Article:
WASHINGTON » Japan’s Takata Corp. rejected U.S. regulators’ demand Wednesday for an expanded, nationwide recall of millions of air bags, setting up a possible legal showdown and leaving some drivers to wonder about the safety of their cars.
Amid the standoff, Honda Motor Co. decided to act on its own and recall cars with the potentially defective equipment in all 50 states. But other automakers have yet to make a decision.
At issue are air bags whose inflators can explode with too much force, hurling shrapnel into the passenger compartment. At least five deaths and dozens of injuries have been linked to the problem worldwide.
During the past six years, Takata and 10 automakers issued a series of recalls covering 8 million cars in the United States, mostly in high-humidity areas such as the Gulf Coast and Hawaii, because of evidence that moisture can cause the propellant to burn too quickly. But after incidents in California and North Carolina, the National Highway Traffic Safety Administration began pressing for the recall of 8 million more vehicles from coast to coast — a demand that Takata flatly rejected.
"There’s not enough scientific evidence to change from a regional recall to a national recall," Hiroshi Shimizu, Takata senior vice president of global quality assurance, told a House subcommittee on Capitol Hill.
Takata also contends that NHTSA has authority to seek recalls only from auto manufacturers and makers of replacement parts, not from original parts suppliers — a position NHTSA contests.
Shimizu insisted that the air bags are safe: "I would drive a car with a Takata air bag."
David Friedman, NHTSA deputy administrator, said he was "deeply disappointed" by Takata’s response.
The agency is now gathering proof that a recall is needed, which it will present at a public hearing. After that, NHTSA could order Takata to undertake a recall, and take the company to court if it refuses. But Friedman acknowledged that could take months.
"It’s time for industry to step up," Friedman told lawmakers. "Until (Takata) and automakers act, affected drivers won’t be protected."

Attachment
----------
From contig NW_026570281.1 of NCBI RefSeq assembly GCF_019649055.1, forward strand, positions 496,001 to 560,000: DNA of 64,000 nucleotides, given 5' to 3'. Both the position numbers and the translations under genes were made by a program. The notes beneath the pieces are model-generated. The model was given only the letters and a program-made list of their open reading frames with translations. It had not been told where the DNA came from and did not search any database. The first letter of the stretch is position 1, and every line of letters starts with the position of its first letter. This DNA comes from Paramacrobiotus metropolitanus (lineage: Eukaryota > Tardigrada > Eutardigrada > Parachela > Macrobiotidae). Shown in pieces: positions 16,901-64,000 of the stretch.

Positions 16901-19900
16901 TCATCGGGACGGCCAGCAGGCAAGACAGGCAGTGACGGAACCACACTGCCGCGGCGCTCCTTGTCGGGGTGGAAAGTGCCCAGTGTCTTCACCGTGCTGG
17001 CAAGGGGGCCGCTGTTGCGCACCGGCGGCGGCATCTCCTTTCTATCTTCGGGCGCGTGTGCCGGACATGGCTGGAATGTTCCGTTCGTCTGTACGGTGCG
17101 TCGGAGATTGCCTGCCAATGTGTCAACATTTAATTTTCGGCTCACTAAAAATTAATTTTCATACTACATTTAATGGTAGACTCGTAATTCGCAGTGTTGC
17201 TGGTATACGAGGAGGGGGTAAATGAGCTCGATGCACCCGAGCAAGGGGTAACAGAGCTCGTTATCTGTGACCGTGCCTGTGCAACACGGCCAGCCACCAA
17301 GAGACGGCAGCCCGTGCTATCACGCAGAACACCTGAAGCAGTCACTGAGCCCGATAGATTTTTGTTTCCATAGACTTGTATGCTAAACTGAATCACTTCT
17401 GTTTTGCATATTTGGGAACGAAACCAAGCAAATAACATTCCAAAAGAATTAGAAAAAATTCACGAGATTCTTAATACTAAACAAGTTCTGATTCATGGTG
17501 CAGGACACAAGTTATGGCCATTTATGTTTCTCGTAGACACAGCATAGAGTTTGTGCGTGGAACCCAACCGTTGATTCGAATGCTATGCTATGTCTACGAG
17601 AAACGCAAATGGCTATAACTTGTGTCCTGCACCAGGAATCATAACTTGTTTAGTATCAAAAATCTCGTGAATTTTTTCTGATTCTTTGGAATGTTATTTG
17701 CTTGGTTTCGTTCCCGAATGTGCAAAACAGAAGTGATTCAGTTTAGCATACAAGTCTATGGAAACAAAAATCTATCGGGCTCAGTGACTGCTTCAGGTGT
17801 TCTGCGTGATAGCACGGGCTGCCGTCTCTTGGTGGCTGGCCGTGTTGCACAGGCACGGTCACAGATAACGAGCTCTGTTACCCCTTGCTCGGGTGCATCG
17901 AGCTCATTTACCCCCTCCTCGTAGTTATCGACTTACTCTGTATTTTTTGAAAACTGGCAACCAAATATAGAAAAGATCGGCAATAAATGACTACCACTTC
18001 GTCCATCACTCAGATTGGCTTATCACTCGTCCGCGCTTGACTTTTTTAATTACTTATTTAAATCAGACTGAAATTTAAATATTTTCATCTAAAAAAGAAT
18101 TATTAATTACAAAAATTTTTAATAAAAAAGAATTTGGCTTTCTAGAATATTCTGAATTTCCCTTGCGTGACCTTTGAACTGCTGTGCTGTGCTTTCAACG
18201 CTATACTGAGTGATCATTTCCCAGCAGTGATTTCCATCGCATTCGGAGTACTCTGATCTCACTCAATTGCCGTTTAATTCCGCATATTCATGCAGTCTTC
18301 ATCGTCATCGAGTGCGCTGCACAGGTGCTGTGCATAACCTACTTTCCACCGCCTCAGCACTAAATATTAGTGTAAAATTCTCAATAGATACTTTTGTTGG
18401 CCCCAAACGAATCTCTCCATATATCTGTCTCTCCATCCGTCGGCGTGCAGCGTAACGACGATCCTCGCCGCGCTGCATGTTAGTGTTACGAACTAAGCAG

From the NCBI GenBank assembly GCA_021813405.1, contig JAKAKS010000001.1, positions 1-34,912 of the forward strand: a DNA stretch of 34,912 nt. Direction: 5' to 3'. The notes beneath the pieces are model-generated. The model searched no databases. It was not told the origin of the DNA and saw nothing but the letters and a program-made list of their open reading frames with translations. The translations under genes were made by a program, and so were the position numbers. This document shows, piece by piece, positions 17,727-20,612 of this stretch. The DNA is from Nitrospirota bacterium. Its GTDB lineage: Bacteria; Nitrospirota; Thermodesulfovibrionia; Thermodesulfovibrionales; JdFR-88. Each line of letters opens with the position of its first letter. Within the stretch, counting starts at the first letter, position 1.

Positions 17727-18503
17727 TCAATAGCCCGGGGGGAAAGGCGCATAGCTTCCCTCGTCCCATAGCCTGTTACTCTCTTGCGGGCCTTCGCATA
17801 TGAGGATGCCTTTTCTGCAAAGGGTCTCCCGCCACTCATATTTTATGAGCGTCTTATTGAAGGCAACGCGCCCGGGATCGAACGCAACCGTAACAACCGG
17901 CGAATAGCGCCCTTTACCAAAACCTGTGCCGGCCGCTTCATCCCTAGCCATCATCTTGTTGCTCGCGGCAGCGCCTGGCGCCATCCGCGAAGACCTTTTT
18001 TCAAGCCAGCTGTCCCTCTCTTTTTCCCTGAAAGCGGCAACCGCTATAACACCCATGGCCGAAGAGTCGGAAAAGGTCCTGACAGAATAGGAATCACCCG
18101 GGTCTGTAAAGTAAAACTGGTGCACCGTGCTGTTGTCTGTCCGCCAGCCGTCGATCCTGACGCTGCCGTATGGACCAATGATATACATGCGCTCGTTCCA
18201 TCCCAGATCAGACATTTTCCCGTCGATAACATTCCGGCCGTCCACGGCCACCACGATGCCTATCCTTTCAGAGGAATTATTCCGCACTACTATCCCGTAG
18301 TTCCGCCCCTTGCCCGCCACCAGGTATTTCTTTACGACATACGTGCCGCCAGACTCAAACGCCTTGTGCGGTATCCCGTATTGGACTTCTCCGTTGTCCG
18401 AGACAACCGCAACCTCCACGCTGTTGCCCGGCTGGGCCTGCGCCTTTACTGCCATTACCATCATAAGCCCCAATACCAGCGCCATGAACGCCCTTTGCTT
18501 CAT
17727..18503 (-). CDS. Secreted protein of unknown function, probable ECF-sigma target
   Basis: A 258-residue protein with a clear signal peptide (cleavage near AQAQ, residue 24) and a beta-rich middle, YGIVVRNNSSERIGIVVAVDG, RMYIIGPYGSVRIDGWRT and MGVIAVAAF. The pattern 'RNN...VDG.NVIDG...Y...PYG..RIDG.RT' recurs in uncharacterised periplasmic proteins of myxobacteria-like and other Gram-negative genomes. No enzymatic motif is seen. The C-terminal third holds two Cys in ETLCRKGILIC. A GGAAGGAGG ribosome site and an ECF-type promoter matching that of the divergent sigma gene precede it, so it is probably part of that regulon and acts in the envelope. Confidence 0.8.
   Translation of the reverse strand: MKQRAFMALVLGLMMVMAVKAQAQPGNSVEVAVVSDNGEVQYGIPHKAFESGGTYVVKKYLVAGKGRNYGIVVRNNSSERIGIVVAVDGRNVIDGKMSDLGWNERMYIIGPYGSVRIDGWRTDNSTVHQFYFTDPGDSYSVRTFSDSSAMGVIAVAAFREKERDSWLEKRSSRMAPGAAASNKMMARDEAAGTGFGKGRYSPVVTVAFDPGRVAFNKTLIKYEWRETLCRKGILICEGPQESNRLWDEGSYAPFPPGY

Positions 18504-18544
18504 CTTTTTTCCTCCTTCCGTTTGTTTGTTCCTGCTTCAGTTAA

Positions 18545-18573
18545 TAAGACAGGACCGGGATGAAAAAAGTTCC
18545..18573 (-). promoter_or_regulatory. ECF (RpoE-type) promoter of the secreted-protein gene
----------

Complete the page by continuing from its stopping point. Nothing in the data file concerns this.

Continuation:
The stalemate is likely to add to the confusion among car owners, many of whom are already bewildered because some of the recalls have covered driver’s-side air bags, while others applied to passenger-side air bags, and a few covered both. The NHTSA-demanded recalls would involve driver’s-side air bags.
At Wednesday’s hearing, Rep. Jan Schakowsky of Illinois, the panel’s senior Democrat, said she has received letters from constituents "who are literally afraid to drive their cars."
Rep. Billy Long, R-Mo., warned that driving a car with a Takata air bag is "tantamount to driving down the highway with a shotgun pointed at you."
Drivers whose cars have been recalled should have received notices in the mail. A driver can also key in the vehicle’s identification number at www.safercar.gov or call the dealer to see whether the car is covered.
But for those outside the recall zone who want to know whether their air bags are safe, things get trickier. It’s difficult to tell whether a car has a Takata air bag inflator; car owners can try asking their dealer, but even they may not know.
Honda is Takata’s largest customer, but the company also made air bags for Ford, Chrysler, Mazda and BMW. Mazda said Wednesday that it will probably expand its recall, while BMW said it is evaluating the situation.
Ford and Chrysler both expanded passenger air bag recalls Wednesday to include states outside of the initial high-humidity zones. But neither automaker recalled additional driver’s- side air bag inflators, as Honda did.